Jason has an extensive background in the industry. The firm pays a salary (this is huge when learning). They have a thorough training program and they have realistic expectations. Looking at the program they offer and the fact they pay a salary as part of a multi-year contract, I would classify them as completely legitimate and one of the better choices out there right now.
https://www.topsteptrader.com – I met Conor Meegan (VP of TopStep business development) at a NinjaTrader conference in Denver, Colorado. Conor was able to talk to me for a few minutes about their program and what they were planning for the future. After speaking with him, I can say that I recommend the company to anyone who is looking to get funded. Both he and Michael Patak have spent time in the real world of trading and I believe he said Michael once traded in the Dow pit. It was obvious that they “get it”.
What sold me is that he told me they realized some of their initial combine parameters were actually counter-productive and encouraging bad habits. So they changed the parameters. That is a sign that they are willing to adapt and change perspectives in order to help their traders succeed. It’s not just about selling combines. They seem to be genuinely interested in finding and funding traders who have real potential and they are offering a deal which is very conducive to long-term trading success.
Now…most of my customers know how I feel about sim trading. I have a blog post which covers my ideas on the topic. I typically do not recommend that people sim trade for very long and I do believe that even the guys who pass the TopStep combine will come to find that live trading is much different. However, the combine process is their way of sorting through hundreds if not thousands of applicants and the parameters they now have set do encourage good habits. They are also offering real funding to people they’ve never met in person. They have to have some way to minimize risk and weed out the field.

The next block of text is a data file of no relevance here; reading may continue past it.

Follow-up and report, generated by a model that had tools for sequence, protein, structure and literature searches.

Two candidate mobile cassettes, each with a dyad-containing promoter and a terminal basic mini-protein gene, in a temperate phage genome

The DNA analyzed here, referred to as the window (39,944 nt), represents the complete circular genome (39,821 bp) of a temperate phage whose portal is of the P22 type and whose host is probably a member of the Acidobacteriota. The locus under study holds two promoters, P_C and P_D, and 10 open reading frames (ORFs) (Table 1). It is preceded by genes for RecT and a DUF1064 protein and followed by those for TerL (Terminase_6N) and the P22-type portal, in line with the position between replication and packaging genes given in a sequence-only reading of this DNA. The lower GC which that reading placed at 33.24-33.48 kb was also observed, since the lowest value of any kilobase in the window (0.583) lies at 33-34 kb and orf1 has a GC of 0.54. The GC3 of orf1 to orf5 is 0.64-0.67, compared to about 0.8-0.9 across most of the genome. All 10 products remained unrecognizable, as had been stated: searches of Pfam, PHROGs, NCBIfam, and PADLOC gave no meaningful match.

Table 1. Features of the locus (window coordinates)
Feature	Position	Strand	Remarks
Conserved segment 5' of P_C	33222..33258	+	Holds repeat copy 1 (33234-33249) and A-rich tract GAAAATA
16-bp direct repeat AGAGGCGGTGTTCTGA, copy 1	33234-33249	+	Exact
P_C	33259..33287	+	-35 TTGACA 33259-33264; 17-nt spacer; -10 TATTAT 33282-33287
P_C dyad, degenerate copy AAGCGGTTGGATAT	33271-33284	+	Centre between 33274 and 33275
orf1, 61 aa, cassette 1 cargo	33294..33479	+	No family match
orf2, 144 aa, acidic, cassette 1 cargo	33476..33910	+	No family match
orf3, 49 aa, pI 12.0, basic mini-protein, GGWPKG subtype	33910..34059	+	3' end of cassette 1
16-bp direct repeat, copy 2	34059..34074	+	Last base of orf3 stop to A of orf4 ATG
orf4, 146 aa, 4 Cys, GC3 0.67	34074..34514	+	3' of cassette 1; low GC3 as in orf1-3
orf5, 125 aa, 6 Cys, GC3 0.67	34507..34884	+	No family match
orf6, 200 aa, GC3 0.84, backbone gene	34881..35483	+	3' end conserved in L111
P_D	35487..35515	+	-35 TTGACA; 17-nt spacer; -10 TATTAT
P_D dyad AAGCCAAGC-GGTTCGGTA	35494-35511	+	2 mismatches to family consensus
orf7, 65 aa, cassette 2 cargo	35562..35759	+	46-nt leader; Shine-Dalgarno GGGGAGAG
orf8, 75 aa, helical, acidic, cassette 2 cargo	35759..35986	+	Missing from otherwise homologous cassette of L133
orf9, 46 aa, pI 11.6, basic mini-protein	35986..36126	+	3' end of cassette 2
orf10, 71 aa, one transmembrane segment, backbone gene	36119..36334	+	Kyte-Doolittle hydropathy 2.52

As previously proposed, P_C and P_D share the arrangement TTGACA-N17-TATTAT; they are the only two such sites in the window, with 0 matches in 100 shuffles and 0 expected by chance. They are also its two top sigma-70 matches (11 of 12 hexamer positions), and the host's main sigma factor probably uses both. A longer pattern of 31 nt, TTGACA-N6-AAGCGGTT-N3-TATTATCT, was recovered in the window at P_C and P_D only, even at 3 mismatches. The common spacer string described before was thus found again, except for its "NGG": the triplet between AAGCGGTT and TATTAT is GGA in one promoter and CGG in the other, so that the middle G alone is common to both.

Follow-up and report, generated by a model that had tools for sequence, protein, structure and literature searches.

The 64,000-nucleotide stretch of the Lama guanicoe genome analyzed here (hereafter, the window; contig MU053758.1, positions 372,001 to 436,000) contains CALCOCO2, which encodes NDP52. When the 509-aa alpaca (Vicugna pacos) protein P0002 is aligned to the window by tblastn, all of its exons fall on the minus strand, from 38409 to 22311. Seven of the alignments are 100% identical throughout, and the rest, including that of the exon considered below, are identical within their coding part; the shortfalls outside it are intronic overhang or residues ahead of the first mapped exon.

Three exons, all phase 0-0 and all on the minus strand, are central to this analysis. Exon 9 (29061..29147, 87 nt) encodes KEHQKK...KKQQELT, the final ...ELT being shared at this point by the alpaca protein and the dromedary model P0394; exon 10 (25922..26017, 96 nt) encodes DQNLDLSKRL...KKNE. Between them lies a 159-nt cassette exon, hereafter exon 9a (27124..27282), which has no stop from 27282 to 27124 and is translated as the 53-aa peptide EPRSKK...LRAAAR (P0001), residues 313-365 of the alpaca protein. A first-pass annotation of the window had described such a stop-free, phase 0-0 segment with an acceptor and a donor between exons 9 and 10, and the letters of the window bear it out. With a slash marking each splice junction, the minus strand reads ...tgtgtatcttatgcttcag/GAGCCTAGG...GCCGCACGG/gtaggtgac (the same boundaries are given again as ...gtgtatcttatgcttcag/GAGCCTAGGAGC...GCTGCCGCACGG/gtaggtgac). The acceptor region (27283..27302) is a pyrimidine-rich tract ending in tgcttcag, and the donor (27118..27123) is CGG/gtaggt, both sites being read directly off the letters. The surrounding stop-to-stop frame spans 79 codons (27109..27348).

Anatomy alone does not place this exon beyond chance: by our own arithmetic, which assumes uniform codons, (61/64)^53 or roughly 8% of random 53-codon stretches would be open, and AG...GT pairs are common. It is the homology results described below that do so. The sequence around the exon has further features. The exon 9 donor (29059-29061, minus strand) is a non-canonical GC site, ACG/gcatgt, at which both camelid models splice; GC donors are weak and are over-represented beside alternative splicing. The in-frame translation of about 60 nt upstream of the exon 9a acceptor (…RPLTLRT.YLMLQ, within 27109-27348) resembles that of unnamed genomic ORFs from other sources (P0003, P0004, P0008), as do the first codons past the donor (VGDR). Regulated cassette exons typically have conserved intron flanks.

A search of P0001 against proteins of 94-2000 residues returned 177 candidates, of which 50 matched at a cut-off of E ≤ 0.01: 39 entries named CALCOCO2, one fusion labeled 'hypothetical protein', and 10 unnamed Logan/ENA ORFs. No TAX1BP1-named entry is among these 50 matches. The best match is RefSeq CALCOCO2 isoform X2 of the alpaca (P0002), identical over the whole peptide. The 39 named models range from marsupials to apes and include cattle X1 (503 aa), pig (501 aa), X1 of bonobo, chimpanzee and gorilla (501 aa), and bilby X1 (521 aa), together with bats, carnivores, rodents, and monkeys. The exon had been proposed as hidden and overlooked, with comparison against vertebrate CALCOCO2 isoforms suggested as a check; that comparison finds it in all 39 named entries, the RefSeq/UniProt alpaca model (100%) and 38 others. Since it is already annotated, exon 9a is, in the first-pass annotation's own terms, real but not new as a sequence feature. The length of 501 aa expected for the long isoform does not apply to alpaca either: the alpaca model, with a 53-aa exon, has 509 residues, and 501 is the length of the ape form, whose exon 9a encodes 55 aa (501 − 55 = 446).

If a traditional proprietary trading firm goes through an extensive interview process, hires six traders who are supposed to be the best of the applicants and then puts those traders on a desk in their office, the firm should absolutely not have those six traders on a sim for months on end. That is a different scenario. The new hires are losing opportunities to make money at real jobs and also paying expenses from what is usually a very small salary or draw or no pay at all. The traders are also usually required to trade every day even if the action is not conducive to making good reads. It is a different dynamic. If the managers of those firms are keeping their traders on a simulator for months, the managers are sabotaging themselves, imho.
TopStep is different because a person can trade from home, still work a normal job if needs be, trade only when he feels the action is conducive to making good reads and then basically have a free shot at making money. TopStep is obviously making money from the combines but they are also funding a substantial amount of people (way more than I would have guessed) and there is a support network in place. I would suggest you do not subscribe to a combine unless you have come close to hitting their objectives on a free simulator but if you are confident in your abilities, looking for funding and have the discipline and skill set to achieve the goals they’ve set, it is a very legitimate opportunity.